Whilst not applicable in all cases, when establishing/operating a business involving the sale or supply of goods and /or services it is quite important to consider having a set of terms and conditions tailored to such sale/supply.
Terms and Conditions
Prior to entering any commercial arrangement it would be prudent for a business owner that any commercial agreement or contract be drafted and/or reviewed or vetted by a suitably experienced legal practitioner. This is important as it enables a business owner to ascertain their rights and obligations under a commercial agreement in order to protect their business interests. Accordingly, such key terms and conditions which will need addressing include but not limited to the following:
- Payment obligation/terms
- Delivery and passing of legal title
- Rights of termination of contract
- Product liability
- Australian Consumer Law Protection
- Guarantees and Warranties
The drafting and/or review of such terms and condition are of significance as they may affect the remedies available to a party in the event of breach or default of the contact.
Licensing/Franchising their idea
In the event that a business owner wishes to grant a licence over its intellectual property or establish a franchise of over their business it would be necessary to obtain legal advice and draft appropriate documentation. Where a business owner wishes to franchise its business it will need to comply with the Franchising Code of Conduct which is administered by Australian Competition and Consumer Commission. In addition, it is mandatory for the franchisor (business owner) have the following documentation in place prior to a franchisee entering into a franchise arrangement, namely:
- Copy of the franchise code
- Franchise Agreement (in final form)
- Franchise disclosure document
As this is a highly regulated area of the law it is strongly recommended that any business owner wishing to embark on this process obtain expert legal advice.
Patents and trademarks
Increasingly a key component and asset in any business is its intellectual property as it provides a competitive advantage and relevance in the marketplace. Business owners must recognise the need to protect their intellectual property (IP) and explore strategies to protect and manage this vulnerable asset against the threats of globalisation and IP theft. As such patents and trademarks have never been as important as they are in today’s knowledge based economy. Accordingly, business owners ought to seek legal advice in the protection of its patents and/or trademarks.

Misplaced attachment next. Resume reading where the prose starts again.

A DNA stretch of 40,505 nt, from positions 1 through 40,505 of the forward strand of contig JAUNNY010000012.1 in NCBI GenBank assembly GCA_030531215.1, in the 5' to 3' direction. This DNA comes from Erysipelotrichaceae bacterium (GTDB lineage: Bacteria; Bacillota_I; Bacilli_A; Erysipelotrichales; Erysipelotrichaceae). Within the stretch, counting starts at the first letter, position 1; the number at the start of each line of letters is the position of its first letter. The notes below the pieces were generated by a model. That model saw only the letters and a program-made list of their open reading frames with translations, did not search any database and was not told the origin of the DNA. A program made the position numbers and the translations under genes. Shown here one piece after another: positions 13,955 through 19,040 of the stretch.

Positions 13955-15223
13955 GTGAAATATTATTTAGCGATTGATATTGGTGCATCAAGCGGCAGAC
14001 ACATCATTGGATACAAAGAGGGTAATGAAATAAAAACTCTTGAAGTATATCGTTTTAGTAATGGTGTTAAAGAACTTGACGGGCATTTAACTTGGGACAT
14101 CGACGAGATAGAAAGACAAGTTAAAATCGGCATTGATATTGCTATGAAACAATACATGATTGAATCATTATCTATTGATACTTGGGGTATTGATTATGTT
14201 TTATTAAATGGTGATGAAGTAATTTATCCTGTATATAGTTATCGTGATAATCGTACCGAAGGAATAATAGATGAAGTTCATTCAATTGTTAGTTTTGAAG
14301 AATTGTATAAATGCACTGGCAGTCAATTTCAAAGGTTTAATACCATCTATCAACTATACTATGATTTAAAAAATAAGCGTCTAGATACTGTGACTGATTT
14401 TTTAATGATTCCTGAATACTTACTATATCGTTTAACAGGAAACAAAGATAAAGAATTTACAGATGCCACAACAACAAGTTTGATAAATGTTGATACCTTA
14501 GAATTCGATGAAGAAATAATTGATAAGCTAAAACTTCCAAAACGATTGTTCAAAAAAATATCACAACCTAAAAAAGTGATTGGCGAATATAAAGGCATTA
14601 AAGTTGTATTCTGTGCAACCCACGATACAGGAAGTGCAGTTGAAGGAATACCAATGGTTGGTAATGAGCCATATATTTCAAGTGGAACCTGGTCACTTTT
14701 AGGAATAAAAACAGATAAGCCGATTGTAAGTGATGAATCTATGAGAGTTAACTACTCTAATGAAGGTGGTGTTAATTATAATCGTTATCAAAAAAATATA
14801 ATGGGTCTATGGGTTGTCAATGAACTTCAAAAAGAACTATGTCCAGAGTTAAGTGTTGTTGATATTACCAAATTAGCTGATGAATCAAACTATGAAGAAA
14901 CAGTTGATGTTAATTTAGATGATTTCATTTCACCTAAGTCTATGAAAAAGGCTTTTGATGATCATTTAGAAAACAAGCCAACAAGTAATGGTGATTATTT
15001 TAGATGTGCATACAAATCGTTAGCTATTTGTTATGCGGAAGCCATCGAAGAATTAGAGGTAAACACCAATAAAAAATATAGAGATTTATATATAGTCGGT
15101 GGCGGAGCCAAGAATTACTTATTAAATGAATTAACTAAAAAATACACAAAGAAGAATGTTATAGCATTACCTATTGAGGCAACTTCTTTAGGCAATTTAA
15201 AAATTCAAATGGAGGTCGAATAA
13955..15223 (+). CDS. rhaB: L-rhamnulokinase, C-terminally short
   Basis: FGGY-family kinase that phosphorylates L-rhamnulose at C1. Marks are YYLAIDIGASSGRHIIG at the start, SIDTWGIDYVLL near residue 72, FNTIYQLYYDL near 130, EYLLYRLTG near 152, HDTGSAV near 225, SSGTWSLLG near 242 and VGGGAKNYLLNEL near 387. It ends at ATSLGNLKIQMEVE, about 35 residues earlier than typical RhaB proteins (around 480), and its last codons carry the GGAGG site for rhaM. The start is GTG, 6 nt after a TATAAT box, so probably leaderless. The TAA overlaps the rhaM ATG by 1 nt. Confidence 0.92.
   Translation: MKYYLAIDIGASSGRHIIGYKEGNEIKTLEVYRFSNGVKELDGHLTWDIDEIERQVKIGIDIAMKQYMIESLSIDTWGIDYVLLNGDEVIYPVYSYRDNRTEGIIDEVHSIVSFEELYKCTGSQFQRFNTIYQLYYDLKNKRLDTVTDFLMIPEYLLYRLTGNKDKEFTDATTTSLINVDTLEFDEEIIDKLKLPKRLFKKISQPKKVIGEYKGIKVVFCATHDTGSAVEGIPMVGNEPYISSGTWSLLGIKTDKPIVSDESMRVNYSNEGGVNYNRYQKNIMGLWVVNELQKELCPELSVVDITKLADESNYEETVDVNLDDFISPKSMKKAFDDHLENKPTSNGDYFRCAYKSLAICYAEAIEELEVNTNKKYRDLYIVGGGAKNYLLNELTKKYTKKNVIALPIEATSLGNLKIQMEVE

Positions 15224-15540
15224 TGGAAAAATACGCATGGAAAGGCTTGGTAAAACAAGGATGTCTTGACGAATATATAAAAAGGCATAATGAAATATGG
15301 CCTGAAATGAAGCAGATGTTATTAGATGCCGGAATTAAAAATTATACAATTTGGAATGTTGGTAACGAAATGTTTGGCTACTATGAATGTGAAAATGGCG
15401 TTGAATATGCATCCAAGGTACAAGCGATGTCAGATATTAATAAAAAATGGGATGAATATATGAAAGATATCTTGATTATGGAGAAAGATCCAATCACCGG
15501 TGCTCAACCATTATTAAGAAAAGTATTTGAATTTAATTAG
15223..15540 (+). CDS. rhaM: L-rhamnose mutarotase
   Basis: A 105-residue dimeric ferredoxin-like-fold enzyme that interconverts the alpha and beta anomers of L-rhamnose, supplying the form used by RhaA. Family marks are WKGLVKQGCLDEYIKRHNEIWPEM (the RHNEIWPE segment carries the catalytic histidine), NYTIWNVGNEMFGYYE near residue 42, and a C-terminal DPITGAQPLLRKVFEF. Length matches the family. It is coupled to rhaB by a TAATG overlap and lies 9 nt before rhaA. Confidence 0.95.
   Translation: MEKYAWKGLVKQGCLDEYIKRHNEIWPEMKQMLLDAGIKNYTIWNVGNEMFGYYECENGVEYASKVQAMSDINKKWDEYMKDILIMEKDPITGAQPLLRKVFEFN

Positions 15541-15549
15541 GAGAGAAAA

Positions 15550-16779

The distinction between patents and trademarks may be summarised as follows:
- (Patents): A patent is a right that may be granted with respect to any device, substance, method or process that has been newly developed and will have attached (pursuant to the Patents Act 1990 (Cth)) exclusive use rights for a limited time for the owner.
- (Trademarks): A trademark is used to distinguish goods and services between traders, for example a logo, phrase, word, sound or picture. Although trademarks do not need to be registered in order to create rights, registration will significantly improve the certainty of ownership. However, a registered trademark will give rise to its legal owner right to use, license or sell it within Australia for goods and services for which it is registered.
Accordingly, when setting up a business it is paramount that all IP assets are registered in order to the establish legal ownership of such assets and therefore be in a position to assert its legal rights and maintain competitive advantage.
Ongoing legal advice
During the course of the conduct of a business the need to obtain expert legal advice will continue as business owners are challenged with ever changing compliance issues and to deal with specific events such as financing, debt recovery and the possible sale of the business.
As a small business owner you may wish to consult and engage the services of legal professionals to assist you in dealing with such legal issues and requirements relating but not limited to:
In the event that you have any legal assistance on any of the issues raised above please do not hesitate to contact Eakin McCaffery Cox through the Ready Fund Go expert page.